So how do we bring animation into an effective solution for user feedback? A short but noticeable animation can communicate where an invalid action has been performed quickly after it's happened. For example, when a user is filling out input fields in a form, an invalid email may be detected on submission. To clearly show the email field has produced the error, it can be animated alongside the error message indicating the problem so the user can quickly correct the email input. If the user is filling out multiple fields at once before they are able to submit, highlighting a detected error earlier, before they tap submit, would be a better solution as it may prevent similar errors in other input fields or having to re-enter information into all fields after an error in the first field. The role of animation here should provide much clearer visual feedback on the elements the user is interacting with, so they can see where something hasn't worked and why this is the case.
#3 Assistance & Direction
Although these can be broken down into two separate principles, in the context of web animation they will overlap in a lot of cases. When identifying a user's specific goal, animation can be used to assist them in completing it. Animation can be used to simplify a website's content, break things down and make it more appealing for the user.
In cases where a user will have multiple options available to them, these may be broken down into contextual options that are revealed as the user begins to interact with an element. This can also be a great way of allowing the user to preview the results of their actions before they complete them. For example, in a drag and drop interface, dragging one box into a new section may quickly animate a preview of how the content is rearranged to fit the new box. Similarly, if it's dragged over an existing box, contextual options may appear showing additional functions. These could include replacing the box or swapping the two boxes with animations to show each of these would look before being carried out by the user so they can see exactly what they want.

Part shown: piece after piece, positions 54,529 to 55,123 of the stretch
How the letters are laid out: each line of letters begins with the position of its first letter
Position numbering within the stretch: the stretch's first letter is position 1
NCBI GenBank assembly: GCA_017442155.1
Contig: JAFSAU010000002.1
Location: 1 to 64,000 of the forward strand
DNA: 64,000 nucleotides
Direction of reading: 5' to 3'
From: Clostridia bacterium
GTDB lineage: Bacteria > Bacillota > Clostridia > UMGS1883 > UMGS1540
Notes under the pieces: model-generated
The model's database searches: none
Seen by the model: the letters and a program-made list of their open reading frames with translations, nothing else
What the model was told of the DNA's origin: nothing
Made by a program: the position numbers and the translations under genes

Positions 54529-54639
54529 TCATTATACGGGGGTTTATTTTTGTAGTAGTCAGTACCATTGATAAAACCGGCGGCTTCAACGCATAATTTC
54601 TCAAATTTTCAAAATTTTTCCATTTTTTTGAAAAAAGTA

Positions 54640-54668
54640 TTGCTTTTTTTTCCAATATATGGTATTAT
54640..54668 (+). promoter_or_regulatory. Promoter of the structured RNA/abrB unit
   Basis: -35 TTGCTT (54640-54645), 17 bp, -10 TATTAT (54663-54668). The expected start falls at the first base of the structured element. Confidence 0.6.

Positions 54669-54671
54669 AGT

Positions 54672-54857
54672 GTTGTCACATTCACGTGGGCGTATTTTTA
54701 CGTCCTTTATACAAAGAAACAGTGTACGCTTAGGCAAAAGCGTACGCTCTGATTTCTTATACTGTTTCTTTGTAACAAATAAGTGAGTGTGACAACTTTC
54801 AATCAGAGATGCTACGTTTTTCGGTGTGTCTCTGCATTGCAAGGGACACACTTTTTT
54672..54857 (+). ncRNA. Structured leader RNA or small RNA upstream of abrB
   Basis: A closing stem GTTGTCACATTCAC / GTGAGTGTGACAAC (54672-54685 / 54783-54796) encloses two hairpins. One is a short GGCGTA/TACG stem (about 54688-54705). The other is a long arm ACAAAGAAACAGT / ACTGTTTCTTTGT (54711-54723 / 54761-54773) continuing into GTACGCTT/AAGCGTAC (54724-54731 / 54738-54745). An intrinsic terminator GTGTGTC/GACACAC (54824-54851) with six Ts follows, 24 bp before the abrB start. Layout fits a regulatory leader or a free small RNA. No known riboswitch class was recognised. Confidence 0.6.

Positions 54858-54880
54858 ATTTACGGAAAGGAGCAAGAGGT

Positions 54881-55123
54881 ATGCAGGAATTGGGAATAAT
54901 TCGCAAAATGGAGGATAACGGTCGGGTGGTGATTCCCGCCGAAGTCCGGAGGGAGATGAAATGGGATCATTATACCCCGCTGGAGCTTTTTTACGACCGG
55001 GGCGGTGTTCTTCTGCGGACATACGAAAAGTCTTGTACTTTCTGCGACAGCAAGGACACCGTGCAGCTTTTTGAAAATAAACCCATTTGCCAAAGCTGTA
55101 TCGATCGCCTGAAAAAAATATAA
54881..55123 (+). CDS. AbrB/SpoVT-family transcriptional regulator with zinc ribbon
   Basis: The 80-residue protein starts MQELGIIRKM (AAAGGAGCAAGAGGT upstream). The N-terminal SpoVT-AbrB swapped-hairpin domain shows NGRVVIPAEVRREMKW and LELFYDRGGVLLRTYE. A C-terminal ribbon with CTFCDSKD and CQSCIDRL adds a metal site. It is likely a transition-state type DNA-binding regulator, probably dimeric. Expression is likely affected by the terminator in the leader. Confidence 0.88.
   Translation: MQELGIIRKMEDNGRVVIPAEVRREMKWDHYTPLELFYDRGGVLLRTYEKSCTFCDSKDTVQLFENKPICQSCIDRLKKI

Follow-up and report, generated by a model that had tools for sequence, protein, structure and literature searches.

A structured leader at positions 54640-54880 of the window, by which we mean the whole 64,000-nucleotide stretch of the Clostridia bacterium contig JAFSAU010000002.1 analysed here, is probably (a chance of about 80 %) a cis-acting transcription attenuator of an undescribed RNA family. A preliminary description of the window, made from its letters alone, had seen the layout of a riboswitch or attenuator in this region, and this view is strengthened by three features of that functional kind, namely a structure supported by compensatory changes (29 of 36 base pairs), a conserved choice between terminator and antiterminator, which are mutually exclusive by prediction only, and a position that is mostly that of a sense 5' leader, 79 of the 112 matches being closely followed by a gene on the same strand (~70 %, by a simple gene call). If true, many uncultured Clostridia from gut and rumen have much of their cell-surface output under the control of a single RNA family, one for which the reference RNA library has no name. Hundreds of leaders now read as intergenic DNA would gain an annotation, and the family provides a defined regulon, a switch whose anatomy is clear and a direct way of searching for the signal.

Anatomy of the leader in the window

Sometimes, having the ability to direct the users attention and make something obvious is more ideal for the intended outcome. This will depend on what is a key option the user might not be aware of as well as where the user's attention is currently focused. If a user is filling in a lot of information with the option to save their progress but they haven't done so yet, an animation directing their attention to a save option will benefit their experience since it's in their interest to keep their work should they disconnect or accidentally exit the page. Even more directly are calls to actions. These would usually be designed near the top of the visual hierarchy anyway, especially if associated with purchasing products, but animations can certainly bring more attention to them.
Many websites find interesting ways of presenting information that a user can engage with directly as a way of enhancing the message they are trying to get across. These can be very scalable too in terms of size, with animation representing the message of a small section or the whole website. For example, a website with the aim to inform users about climate change could very literally animate a variety or weather effects as the user scrolls or navigates between sections. Not just as transitional animations, but animations the user can interact with and control through scroll or mouse inputs that are directly attached to the narrative being built.
Interactivity should be the main focus here. Narrative based animation leaves designers open to a lot of creative opportunities but the same principles for user experience still remain. The animations must serve the user's experience and their objectives, rather than leaving either as an afterthought.
There's a reason that great storytelling in movies adopts a “show, don't tell” approach and websites with great animation are a perfect way to combine the two.
Let's wrap things up…
There are many different things to consider when implementing some animation into your website. It's probably not a good idea to try and include everything onto one page. Instead, keep it deliberate and focused. Always ask yourself “how does this benefit the user?” because the animation should always serve the user experience.